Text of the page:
After obtaining the starting balance for the last business day, we need to capture cash inflows. Examples of cash inflows include cash payments, lockbox payments, credit card payments, and any checks received through the mail. Again, these cash inflows and deposits are from the last business day. Add up the total amount of cash inflows together to obtain the Total Deposits.
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The third piece of financial information you need to obtain is information on cash disbursements from the last business day. Cash disbursements include payroll checks, A/P checks. Your firm may prefer to have a separate line item for certain significant cash disbursements. As long as you keep the overall report simple and uncluttered, this is fine. After all cash disbursements have been accounted for, sum up together to obtain Total Disbursements. Enter the cash disbursements as negative numbers. The report is intended for non-accountants who think in terms of expenses being negative.
Sum up all of these elements together to obtain the ending cash balance for the last business day:
Reconciled Balance + Total Deposits – Total Disbursements = Cash Balance.
Incoming monies from yesterday Disbursements (Insert Date from 1 business day ago)- Payroll Fees – AP Checks – Other Disbursements = Total Disbursements
ENDING CASH BALANCE AS OF : This is also the Beginning Cash Balance for TODAY. Reconciled Balance + Total Deposits – Total Disbursements.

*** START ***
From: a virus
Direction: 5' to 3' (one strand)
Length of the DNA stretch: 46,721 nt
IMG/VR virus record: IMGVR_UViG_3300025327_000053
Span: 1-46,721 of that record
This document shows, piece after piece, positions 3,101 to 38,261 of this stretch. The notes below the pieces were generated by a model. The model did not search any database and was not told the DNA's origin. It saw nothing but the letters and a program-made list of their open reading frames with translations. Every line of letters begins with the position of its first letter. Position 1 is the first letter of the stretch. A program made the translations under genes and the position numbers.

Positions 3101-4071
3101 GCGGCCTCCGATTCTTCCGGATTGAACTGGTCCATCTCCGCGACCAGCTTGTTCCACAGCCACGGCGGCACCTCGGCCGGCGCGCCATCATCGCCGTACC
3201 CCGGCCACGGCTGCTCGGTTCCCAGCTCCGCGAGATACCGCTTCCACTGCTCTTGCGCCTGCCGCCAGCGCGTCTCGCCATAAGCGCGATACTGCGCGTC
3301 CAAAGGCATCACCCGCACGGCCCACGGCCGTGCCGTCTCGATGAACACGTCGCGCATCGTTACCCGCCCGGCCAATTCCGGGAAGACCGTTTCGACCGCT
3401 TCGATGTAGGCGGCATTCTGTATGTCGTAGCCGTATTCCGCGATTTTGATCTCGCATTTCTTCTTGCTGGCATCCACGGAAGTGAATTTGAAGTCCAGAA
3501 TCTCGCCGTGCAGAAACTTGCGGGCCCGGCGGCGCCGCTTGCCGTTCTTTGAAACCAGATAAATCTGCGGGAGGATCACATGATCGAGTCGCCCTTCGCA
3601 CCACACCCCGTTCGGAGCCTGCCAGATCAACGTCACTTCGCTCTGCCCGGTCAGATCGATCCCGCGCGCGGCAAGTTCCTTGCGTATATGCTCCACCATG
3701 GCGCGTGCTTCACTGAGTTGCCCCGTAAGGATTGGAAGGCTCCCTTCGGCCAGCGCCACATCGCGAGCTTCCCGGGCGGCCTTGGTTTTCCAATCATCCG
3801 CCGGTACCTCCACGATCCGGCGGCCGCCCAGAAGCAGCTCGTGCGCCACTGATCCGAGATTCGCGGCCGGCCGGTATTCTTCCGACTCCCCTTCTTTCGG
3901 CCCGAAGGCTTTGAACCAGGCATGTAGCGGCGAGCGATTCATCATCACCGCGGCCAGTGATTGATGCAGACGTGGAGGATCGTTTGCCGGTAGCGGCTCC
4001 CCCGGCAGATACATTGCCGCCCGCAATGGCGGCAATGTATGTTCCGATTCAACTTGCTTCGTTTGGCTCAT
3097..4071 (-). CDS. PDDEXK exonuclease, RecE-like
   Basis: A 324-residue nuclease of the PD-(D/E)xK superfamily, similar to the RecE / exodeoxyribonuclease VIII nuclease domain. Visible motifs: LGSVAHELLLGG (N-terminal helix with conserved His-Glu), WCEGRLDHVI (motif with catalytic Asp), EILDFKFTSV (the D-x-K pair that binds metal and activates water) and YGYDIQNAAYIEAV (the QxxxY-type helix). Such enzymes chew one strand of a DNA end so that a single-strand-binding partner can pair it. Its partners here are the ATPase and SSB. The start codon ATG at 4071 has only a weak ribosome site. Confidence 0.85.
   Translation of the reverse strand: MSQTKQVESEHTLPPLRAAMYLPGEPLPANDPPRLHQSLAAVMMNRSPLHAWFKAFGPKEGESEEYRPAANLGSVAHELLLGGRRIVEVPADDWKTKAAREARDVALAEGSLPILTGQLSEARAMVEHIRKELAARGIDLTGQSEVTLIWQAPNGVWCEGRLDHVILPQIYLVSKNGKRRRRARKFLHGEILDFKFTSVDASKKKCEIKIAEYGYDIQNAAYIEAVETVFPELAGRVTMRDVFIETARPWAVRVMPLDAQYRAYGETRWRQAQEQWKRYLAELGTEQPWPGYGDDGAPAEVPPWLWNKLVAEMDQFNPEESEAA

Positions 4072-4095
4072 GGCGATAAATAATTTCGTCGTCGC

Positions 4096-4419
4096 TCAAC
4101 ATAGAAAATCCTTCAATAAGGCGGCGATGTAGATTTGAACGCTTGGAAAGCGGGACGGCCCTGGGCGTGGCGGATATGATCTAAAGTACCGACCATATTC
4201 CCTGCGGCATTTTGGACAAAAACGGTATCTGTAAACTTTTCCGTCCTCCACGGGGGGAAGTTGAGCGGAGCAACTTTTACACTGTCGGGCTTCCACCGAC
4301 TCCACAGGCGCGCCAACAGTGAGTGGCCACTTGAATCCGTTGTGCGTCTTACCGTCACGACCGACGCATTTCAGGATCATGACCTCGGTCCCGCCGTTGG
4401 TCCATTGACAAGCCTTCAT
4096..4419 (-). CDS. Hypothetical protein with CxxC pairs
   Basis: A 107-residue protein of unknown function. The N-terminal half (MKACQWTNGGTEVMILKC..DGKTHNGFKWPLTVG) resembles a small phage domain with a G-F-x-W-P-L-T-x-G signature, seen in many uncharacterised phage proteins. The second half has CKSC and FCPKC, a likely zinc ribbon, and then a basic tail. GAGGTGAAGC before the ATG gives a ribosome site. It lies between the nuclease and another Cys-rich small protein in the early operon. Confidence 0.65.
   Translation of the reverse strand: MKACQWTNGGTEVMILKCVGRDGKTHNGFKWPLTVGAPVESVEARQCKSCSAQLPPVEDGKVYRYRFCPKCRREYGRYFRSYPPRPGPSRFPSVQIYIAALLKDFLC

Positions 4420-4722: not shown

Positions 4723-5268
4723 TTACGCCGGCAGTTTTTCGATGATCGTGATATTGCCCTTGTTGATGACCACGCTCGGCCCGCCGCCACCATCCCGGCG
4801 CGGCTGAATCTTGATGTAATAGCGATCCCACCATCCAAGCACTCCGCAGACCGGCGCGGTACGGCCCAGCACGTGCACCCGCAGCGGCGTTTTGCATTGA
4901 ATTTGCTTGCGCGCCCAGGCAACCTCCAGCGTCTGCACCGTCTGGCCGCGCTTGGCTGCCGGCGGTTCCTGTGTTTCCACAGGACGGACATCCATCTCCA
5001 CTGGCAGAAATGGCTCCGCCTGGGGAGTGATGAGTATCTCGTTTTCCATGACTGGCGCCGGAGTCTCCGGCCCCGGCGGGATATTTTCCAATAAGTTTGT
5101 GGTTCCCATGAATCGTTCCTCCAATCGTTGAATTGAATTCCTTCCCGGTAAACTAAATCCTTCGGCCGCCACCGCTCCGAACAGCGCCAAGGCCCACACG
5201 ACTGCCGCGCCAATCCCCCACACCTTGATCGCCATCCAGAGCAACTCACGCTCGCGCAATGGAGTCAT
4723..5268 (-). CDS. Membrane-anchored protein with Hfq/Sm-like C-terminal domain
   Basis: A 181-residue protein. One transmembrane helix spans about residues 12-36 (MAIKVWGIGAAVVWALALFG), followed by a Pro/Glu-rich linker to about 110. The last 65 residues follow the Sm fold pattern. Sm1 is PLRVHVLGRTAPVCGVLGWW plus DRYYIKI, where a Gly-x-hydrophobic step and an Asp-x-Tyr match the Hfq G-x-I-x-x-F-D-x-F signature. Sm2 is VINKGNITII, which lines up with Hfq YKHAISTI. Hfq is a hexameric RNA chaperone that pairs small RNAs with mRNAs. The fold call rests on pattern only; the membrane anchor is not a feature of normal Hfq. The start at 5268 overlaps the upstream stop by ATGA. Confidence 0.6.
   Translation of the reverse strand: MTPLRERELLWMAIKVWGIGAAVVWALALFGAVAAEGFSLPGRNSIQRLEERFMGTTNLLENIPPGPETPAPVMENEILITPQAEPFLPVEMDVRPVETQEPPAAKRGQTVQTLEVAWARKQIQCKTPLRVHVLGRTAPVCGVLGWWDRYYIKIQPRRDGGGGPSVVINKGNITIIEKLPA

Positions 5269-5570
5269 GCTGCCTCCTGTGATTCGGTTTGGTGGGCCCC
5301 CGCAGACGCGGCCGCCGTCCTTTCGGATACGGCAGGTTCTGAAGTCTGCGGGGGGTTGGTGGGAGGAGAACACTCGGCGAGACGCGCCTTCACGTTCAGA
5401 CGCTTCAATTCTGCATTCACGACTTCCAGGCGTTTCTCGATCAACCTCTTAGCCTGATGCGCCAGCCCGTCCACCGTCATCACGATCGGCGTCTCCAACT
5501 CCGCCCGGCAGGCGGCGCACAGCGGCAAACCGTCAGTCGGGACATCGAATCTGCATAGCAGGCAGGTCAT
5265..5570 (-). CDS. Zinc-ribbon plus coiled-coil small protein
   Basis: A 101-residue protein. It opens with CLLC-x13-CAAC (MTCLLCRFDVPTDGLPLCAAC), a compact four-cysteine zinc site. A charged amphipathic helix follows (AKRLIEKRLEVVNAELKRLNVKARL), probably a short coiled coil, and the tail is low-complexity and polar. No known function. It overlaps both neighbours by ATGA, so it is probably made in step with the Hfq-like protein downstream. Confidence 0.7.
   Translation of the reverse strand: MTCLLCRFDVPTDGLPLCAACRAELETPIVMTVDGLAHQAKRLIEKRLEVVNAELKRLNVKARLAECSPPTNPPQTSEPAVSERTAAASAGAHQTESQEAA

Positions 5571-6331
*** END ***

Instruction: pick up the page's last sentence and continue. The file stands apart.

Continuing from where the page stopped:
Weekly Cash Position
The weekly cash position gives management an estimate of how much incoming cash and cash disbursements the company expects to have for the entire week. Remember, this is an estimate only. Update this estimate periodically so that the company improves on the estimate. Your company may prefer to have a separate line item for certain significant cash disbursements. This is acceptable as long as you keep the overall report as simple as possible.
A template follows as below:
Estimated Deposits for the week ending: Lockbox/Mail + Credit Cards = Total Estimated Deposits
The CFO/controller will need to list the different vendor/suppliers that the company intends to pay for the week. During times of extreme cash shortage, it may be helpful to make a note of which vendor/suppliers are of high priority.
Update daily. However at the beginning of the week, plan to give extra attention to prioritize which vendors should be paid. Depending on the cash situation of the company, try to think of paying only a portion of what’s owed.
List of the vendor/suppliers with the amount needed to be paid. Finally, sum up the total amount. Vendor A + Vendor B + Vendor C = TOTAL
Monitor & Review
Monitor and review the Daily Cash Flow Report on a daily basis in situations where cash management is big key part of company survival. A key part to focus on is the estimate of weekly cash deposits. Monitoring and reviewing the cash deposits will improve the accuracy of the estimates. For more ways to improve your cash flow like this one, download the free 25 Ways to Improve Cash Flow whitepaper.
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Originally published by Jim Wilkinson on July 23, 2013.